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Boomers Suffer Hearing Loss

Do others in your family accuse you of turning the television up too loud? Do you ask people to repeat their words? If so, read what This Morning Health Correspondent Dr. Emily Senay has to say about hearing loss.

Baby boomers are a generation that grew up on rock 'n roll and rebellion. They protested, they chanted, they made their voices heard. Now, many of those 40- and 50-somethings aren't hearing other people's voices as well as they should.

Melody James is one of them: "I was missing people's names and phone numbers," she admits.

James is 52. She has noise induced hearing loss and lays part of the blame on her youth, recalling, "Wonderful experiences from my life are in that period of my late teen to early 30s of going to concerts."

Loud music isn't the only culprit. It's the noise of everyday life, too. All these noises over time have the potential to cause hearing loss.

Dr. Thomas Roland is seeing more boomers who are straining to catch words in a crowded room. "Some have difficulty in theaters and movies. A big complaint is situations where there's background noise," Rowland says.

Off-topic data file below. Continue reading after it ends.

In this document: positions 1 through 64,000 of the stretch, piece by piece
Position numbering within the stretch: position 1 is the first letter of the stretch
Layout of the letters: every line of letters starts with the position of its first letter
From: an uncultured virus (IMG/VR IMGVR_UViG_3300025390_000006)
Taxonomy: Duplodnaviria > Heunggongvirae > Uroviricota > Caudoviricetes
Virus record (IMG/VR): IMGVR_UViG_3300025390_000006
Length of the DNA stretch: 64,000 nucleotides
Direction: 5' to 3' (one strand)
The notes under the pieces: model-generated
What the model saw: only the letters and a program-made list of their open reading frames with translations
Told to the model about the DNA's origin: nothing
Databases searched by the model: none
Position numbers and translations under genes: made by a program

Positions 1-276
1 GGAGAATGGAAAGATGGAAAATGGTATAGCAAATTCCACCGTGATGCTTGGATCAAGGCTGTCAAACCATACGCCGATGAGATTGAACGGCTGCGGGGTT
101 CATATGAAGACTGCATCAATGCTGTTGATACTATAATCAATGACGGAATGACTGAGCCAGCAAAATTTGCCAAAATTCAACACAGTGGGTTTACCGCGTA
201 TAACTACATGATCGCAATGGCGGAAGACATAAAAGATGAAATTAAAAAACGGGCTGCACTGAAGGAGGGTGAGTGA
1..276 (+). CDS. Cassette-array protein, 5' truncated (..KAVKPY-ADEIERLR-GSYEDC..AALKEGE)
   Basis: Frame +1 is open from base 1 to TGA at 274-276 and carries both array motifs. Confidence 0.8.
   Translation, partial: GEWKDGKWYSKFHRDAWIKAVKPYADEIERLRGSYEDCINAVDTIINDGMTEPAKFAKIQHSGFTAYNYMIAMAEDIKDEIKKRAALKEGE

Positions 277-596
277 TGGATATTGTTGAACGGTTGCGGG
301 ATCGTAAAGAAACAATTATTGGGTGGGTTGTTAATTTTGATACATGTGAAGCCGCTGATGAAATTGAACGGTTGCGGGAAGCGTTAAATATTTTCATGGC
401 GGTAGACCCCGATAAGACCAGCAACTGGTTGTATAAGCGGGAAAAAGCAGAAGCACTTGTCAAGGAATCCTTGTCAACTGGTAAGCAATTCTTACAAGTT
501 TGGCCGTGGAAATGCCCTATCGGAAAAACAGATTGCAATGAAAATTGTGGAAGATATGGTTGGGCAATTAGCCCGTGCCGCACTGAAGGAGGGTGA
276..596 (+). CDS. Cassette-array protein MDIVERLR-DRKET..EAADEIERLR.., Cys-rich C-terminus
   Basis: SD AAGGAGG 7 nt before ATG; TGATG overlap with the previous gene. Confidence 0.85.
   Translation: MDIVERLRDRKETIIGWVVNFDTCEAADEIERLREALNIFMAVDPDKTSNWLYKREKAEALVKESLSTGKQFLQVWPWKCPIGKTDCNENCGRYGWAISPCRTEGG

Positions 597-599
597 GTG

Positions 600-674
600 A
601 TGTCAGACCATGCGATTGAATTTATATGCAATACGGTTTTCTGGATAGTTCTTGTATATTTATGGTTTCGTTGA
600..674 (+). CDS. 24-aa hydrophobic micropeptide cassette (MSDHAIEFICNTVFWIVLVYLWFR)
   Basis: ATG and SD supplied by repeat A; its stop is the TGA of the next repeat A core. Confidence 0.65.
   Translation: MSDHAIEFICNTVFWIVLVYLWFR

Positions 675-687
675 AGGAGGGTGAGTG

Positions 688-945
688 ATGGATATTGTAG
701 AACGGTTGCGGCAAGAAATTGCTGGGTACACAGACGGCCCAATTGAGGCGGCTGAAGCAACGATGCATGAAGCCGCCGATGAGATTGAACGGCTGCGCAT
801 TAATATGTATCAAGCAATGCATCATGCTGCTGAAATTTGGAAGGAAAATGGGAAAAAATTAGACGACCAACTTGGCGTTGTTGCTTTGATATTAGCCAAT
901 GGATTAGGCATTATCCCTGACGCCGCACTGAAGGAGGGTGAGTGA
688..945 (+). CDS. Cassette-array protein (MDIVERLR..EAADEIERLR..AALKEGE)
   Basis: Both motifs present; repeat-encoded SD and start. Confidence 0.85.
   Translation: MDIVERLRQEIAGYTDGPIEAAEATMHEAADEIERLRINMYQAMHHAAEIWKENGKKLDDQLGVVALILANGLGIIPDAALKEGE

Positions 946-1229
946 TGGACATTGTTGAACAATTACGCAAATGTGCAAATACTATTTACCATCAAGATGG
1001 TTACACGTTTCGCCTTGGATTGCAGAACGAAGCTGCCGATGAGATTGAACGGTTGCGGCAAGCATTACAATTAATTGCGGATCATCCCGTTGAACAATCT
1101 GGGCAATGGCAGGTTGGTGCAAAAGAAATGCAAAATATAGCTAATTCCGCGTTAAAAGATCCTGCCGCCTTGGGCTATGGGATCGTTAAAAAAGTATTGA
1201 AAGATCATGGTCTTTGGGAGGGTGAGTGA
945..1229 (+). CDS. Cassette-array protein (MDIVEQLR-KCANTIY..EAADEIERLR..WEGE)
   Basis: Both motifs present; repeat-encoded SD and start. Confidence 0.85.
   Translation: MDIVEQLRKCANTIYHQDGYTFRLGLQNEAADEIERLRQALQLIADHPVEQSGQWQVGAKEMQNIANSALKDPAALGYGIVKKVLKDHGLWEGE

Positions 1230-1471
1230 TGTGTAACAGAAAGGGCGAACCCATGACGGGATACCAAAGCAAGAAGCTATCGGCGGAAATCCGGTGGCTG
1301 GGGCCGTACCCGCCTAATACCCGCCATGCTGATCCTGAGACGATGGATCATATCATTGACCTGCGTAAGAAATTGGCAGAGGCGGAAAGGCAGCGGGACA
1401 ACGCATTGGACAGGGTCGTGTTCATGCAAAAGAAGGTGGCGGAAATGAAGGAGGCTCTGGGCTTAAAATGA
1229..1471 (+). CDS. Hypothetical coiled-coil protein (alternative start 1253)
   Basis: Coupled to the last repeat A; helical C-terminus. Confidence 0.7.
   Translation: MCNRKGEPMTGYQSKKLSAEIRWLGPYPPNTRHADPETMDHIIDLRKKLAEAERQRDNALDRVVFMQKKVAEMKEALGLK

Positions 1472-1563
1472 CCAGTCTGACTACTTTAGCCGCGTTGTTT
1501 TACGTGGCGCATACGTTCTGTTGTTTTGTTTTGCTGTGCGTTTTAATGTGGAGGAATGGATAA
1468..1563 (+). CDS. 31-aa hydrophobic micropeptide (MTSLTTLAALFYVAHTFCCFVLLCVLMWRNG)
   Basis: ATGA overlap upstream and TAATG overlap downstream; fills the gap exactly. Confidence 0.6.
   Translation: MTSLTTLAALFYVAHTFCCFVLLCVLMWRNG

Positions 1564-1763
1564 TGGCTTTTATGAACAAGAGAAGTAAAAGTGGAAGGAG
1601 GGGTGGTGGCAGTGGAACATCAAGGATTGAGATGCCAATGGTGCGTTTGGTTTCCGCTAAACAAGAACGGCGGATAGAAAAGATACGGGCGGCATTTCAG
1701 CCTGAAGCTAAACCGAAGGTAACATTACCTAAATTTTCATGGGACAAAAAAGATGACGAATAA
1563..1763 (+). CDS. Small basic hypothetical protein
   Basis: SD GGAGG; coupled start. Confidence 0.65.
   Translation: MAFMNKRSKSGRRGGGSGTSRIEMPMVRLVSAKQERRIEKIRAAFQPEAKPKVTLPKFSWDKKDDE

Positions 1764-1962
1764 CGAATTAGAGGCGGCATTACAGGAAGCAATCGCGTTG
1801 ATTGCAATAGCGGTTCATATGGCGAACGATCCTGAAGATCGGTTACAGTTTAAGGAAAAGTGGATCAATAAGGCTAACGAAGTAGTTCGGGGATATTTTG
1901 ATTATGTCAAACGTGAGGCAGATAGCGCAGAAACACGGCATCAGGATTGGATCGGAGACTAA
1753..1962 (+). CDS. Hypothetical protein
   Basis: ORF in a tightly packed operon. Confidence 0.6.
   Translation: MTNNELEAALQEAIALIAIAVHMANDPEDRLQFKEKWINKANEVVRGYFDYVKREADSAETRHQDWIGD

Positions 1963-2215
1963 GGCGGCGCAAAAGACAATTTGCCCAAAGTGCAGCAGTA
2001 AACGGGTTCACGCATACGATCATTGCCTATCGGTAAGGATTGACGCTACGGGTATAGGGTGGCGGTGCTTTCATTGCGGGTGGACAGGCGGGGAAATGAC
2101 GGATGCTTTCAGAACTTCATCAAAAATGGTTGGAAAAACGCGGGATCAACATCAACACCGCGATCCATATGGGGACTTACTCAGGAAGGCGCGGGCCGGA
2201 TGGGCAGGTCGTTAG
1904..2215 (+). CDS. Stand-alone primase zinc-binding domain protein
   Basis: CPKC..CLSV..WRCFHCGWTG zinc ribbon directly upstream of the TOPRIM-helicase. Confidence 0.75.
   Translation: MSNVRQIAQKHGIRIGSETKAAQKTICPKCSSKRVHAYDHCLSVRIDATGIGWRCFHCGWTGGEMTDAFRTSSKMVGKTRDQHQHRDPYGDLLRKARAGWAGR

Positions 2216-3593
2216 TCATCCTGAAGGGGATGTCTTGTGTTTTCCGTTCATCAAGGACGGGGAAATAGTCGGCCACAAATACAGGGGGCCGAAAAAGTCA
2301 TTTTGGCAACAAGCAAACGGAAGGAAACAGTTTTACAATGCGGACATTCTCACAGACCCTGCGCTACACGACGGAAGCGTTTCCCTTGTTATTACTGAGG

Like many of her peers, Melody James will soon get the help she needs. "I'm going to get my hearing aids and use them. But I've lost something and I can't get it back," she says.

Here are some of the warning signs of hearing loss: a ringing or buzzing in the ears; a slight muffling of sounds that makes it difficult to understand people, or a tendency to hear better from one ear.

To prevent hearing loss, avoid loud noise as much as possible. If you think it's "too loud," it probably is. If you need to be in a noisy place for an extended period of time, wear protection, like foam earplugs.

If it's too late to prevent it, it's time to consider a hearing aid. Many types of hearing aids are made for various kinds of hearing loss. People with noise-induced hearing loss can select a small digital aid. It costs more than most, as much as $3,000, but for some the sound is clearer.

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